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The Jewish Ethicist: Bad Business

May 9, 2009 | by Rabbi Dr. Asher Meir, Business Ethics Center of Jerusalem

Do I have to give up my job if I think it entails aiding immorality?

Q. I work in a routine job in a business that I consider immoral. Do I have to give up my job because I am aiding immorality?

A. This very important question was submitted by a number of readers who work in industries such as casino gambling, cigarettes, armaments, and so on. It is beyond the scope of this column to pass judgment on which industries are actually problematic; this particular column is devoted to guidance to individuals who according to their own judgment feel that their employer is involved in an unsavory activity and are trying to evaluate if they are unethically abetting this activity.

The main criterion we need to apply in these cases is the three levels of connivance established by Jewish law (see Selling Term Papers) These three levels, in decreasing order of gravity, are:

1. Enabling a transgression. If the transgression could not take place without your participation you are enabling the wrongdoing to take place. This is categorically forbidden by the Biblical injunction, “Don't place a stumbling block before the blind” (Vayikra 19:14). This could apply if you have a talent that you devote to the success of your employer.

2. Abetting a transgression. This means that you take an active role in the unethical activity, but if you didn't do it someone else would. This is a less severe level but still ethically problematic. One reason is that the “somebody else” can excuse his own participation by pointing out that you would take the job otherwise. In the end each person justifies his participation by pointing to the other, and no one is exercising moral leadership. We need to carefully evaluate the example we are setting before putting ourselves into such a situation.

3. Condoning a transgression. Normally we are obligated to protest wrongdoing; whenever we remain silent and even benefit from it, there is a good chance we may seem to be condoning it.

The ethical status of condoning depends on the extent of identification we show with our participation as well as our ability to make an effective protest. A manager is obligated to show significant identification with the employer, but a bookkeeper usually doesn't have to. If an organization is already the subject of protests then taking a stand against their actions is likely to have some effect; if you are alone in your objections than realistically quitting your job is not likely to be an influential statement.

Let's take some examples to see how we would apply these criteria. One reader had a senior marketing position for a tobacco company; his job was to convince people to start smoking. This is a responsible job which certainly requires identification with the employer, and so would constitute “abetting”. His personal conviction was that it is unethical to persuade people to smoke; given his active role this person should start looking for a new position. However, this is a second-degree connivance, and in the meantime he doesn't necessarily have to risk poverty by quitting outright.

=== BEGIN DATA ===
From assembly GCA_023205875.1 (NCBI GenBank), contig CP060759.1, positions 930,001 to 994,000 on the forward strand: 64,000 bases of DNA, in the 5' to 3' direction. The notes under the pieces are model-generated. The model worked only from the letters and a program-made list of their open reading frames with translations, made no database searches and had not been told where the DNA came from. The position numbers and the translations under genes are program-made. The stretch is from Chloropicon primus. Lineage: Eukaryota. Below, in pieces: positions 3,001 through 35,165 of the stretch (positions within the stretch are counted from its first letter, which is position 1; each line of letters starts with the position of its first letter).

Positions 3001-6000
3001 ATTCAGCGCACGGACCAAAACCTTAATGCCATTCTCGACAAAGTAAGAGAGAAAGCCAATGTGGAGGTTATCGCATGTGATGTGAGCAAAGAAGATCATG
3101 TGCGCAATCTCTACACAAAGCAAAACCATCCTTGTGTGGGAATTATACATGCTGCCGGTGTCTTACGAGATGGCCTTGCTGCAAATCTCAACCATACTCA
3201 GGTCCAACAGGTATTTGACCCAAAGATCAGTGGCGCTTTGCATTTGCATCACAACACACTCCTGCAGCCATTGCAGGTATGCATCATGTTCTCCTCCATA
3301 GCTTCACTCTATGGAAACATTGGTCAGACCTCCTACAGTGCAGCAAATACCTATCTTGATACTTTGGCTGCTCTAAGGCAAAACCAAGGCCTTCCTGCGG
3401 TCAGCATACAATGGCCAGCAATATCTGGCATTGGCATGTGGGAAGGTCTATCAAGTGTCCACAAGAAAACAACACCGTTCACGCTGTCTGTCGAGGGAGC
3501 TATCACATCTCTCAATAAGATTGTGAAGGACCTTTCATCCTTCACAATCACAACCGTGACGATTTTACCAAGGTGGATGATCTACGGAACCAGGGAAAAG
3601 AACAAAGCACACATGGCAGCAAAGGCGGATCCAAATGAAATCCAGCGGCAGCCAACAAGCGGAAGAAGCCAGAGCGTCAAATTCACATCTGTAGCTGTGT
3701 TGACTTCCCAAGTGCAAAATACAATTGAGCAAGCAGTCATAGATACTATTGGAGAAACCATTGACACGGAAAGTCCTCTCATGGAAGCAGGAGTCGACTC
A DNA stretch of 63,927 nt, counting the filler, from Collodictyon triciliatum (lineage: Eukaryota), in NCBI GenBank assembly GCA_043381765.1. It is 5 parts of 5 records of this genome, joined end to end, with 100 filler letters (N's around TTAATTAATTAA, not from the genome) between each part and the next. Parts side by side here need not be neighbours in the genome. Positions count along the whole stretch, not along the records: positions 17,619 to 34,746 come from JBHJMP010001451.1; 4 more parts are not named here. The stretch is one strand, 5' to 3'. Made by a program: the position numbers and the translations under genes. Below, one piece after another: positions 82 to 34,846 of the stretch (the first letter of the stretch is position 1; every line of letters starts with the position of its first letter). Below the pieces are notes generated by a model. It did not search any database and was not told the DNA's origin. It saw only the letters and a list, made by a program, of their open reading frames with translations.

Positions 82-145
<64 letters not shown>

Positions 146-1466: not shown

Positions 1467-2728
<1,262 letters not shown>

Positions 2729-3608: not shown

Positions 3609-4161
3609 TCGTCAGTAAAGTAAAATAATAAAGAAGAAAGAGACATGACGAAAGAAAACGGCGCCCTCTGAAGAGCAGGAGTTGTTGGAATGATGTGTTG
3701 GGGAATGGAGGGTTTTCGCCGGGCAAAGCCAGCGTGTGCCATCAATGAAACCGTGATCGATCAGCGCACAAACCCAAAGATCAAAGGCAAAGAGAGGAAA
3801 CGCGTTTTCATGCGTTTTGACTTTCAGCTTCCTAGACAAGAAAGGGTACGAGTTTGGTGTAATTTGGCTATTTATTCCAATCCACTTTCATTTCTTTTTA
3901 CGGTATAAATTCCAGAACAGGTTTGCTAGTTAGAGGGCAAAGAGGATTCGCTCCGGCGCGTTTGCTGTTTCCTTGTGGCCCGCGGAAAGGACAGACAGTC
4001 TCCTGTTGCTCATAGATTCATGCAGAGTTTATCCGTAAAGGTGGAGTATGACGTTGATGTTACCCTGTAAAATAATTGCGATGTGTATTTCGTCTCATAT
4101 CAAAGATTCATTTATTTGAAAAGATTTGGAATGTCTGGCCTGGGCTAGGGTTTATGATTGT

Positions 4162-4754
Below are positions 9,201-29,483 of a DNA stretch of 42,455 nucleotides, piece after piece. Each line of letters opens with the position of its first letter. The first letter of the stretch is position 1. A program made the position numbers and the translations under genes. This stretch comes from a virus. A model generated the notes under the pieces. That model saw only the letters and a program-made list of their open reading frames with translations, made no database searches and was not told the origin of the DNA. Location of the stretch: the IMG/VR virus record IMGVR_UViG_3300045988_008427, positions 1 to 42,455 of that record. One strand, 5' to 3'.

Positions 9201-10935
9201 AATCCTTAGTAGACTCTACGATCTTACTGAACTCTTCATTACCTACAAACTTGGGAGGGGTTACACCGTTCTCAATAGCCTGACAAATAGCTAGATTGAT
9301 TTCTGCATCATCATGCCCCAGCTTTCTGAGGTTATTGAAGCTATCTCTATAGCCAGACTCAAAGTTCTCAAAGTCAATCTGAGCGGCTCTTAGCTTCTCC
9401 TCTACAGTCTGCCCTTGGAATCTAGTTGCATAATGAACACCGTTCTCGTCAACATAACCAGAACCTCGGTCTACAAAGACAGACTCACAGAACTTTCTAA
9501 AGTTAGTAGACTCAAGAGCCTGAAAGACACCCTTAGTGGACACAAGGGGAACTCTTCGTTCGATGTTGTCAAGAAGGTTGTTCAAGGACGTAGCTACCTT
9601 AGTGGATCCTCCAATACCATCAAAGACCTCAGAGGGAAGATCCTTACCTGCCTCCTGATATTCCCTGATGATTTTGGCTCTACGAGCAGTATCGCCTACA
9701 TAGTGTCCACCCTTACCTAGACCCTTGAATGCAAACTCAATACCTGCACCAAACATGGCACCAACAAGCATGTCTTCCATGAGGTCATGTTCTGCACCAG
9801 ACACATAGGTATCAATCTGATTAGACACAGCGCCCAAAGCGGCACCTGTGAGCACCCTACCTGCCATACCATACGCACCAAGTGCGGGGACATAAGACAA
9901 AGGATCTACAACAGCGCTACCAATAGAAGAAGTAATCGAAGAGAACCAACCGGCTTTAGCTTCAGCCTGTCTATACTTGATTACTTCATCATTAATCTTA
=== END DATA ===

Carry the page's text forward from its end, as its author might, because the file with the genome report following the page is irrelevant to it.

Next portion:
If this person has talents that the employer wouldn't find in a replacement, it may be considered “enabling”. In this case he should immediately resign his current responsibilities. Perhaps he could request a transfer to some other, less responsible position in order to maintain his income.

Another reader is employed by a casino operator in a routine job, like a bookkeeper. This reader considers casinos immoral. This is not “enabling” since there are plenty of bookkeepers in the world, and it is not “abetting” since a bookkeeper is not taking any active role in the immoral aspect of the business (she is not a croupier, for example).

The problem of condoning is also not severe. Plenty of people don't consider casinos immoral, so quitting her job in protest is unlikely to have an impact. And in most cases such businesses don't demand that low-level employees show any special identification with the company. It follows that this person needn't quit her job.

A few employers expect employees at all levels to display identification with the business, for example by wearing special clothes even outside the workplace. In this case there would be a problem of condoning. A problem could also exist in a business where effective protest is already widespread; in this case taking a job could be viewed as granting legitimacy to an unethical activity. (Example: routine job such as janitor for an organized crime syndicate.)

Another reader is employed in a perfectly legitimate business, but the owners use their profits for immoral activities. Here there is no problem of abetting or condoning since the employee is not involved even indirectly in immorality. In rare cases there would be a problem of enabling, if the employee has a talent without which the boss wouldn't make enough money to carry out his crimes.

Of course our aspiration should be to find a job in which we feel we make an important contribution to humanity, but realistically we cannot always realize this aspiration. In the meantime, we should shun employment that actively makes the world a less ethical place. At the same time we should recognize that even if our jobs are less than ideal, we make the world a better place as we use our salaries to support our families and contribute to charity.

Shulchan Arukh Yoreh Deah 151;Yoreh Deah 334:48 in Rema; Mishneh LeMelekh Laws of Lending and Borrowing 4:2.

This week's column is dedicated
in honor of

Prof. Alfred Marcus
by Michael G. Sher.

Send your queries about ethics in the workplace to

The Jewish Ethicist presents some general principles of Jewish law. For specific questions and direct application, please consult a qualified Rabbi.

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